About 3:00 on Saturday afternoon, the last day of PRI, I headed out of Indy going to Dayton Ohio, about two hours east. On Monday, I have a tour of Forgeline Motorsports scheduled along with an interview with the company president and a short photo session. I think Forgeline makes really good wheels, both engineering-wise and design-wise. As Dayton is close to Indy and this is my chance to see how high-end racing and street wheels are made.

    So…everyone wants to know: how does the new Katech Street Attack LS7 in the BB run? Well…I can’t tell you, at least so far. Everywhere I’ve been so far since I left Detroit it’s been wicked cold, like between 15° and, say, 30° degrees. The full-tread, summer tires I have on the car, Michelin Pilot Super Sports, don’t work as well in cold weather. The only time I’ve really put some throttle to the engine, was getting on I-75 South after a gas stop. Even at half throttle, the car was into wheelspin, so, getting a good idea the the engines newfound performance will have to wait until I get into weather that’s above 60°.

    Saturday afternoon and evening were the only times so far that I’ve seen significant snow. As I rolled into Dayton, the snowfall was moderate and starting to accumulate on the ground. The hotel I’m at sits off to the side of the highway and there’s a long private road leading to the hotel and it had about half and inch of snow and some ice.
    dsc_6823-jpg

    Today, Sunday, I got to do some laundry. Oh for joy. I picked this hotel because it’s just outside Wright-Patterson Air Force Base which, among other things, is the home of the National Museum of the U.S. Air Force. If you like airplanes, especially military airplanes, it’s the top museum in the country to see. It’s collection dates to the early parts of last century. This afternoon, I plan to spend 4 or 5 hours there.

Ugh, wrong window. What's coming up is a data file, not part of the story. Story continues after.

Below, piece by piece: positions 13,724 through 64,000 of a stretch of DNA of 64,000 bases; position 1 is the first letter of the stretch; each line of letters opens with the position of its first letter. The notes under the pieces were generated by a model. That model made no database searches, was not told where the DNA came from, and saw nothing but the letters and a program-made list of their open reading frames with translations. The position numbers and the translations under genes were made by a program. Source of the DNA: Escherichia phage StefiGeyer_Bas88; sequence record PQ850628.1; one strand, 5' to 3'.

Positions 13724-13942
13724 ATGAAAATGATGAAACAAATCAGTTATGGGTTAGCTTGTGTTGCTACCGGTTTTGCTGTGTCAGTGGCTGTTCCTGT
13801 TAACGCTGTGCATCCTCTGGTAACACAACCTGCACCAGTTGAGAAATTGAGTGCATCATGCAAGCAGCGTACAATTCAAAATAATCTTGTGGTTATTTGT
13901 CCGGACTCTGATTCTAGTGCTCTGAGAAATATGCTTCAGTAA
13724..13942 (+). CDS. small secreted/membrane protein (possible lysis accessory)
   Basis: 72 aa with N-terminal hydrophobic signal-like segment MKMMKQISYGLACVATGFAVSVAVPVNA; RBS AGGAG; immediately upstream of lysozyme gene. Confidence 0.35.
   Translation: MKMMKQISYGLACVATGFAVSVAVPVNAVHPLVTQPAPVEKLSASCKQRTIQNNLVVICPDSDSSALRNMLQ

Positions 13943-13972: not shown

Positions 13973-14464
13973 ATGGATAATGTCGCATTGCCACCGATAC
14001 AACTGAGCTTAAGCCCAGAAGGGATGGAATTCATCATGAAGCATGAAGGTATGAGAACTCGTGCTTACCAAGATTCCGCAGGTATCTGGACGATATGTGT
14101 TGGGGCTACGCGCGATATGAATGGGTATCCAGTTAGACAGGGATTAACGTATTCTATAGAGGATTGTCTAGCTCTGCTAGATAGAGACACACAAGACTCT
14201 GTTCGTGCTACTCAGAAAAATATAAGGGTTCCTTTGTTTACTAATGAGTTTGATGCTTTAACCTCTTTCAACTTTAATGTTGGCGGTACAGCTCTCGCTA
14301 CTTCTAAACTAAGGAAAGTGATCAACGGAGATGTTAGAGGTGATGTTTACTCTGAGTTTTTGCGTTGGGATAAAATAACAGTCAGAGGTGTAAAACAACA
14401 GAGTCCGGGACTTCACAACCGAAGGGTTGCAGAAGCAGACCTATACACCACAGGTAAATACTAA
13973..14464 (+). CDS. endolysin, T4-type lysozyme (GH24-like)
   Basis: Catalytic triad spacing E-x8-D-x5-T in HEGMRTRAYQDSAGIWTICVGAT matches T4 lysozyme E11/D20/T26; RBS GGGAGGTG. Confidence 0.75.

dsc_6831-jpg
    At the Nat'l Museum of the USAF. This B-29 is "Bock's Car", the airplane which dropped the second atomic bomb on Nagasaki, Japan on 9AUG1945. The big yellow "egg", is a replica of the bomb

    dsc_6834-jpg
    Where else are you going to find a German Focke-Wulf FW190. Oh, btw, behind it is a C46 Comando.

    dsc_6837-jpg
    My favorite plane in the WW2 collection, a B24 with great nose art.

    Tomorrow, it’s off to Forgeline and then to St. Louis for my next overnight.
    Last edited by Hib Halverson; 12-11-17 at 07:00 AM. Reason: added content
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    Careful going home in the cold. I will give you a call later on to discuss the Katech options available. I spent three years working across the street from the AF museum. It is a terrific display of aircraft. That engine looks killer in the photos.
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    That engine looks killer.

    Very nice.
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    Quote Originally Posted by Paul T View Post
    Careful going home in the cold. I will give you a call later on to discuss the Katech options available. I spent three years working across the street from the AF museum. It is a terrific display of aircraft. That engine looks killer in the photos.
    Cold, indeed. I saw very little snow and only in Dayton, but just about everywhere I've been, it's been cold/windy in the evening and very cold at night. In fact, the first time I've seen above 50° since I left California more than a week ago, was today on my drive through Utah. It was 51° in a couple of places across Utah. I guess I shouldn't bitch-out the weather. Because there was no snow anywhere but Dayton OH, allowed me to shoot straight across I-70 and up/over the Rockies with never seeing any snow or ice on the roads.

    I love driving Utah. Its highways are in excellent condition. Speed limit is 80 in many places. Bears were like wall-to-wall today on I-15 but they pay no attention if you're only going 90. I cruised at 90 just about the whole time from the CO/UT line, across I-70 and down I-15 to Cedar City where I'm overnighting.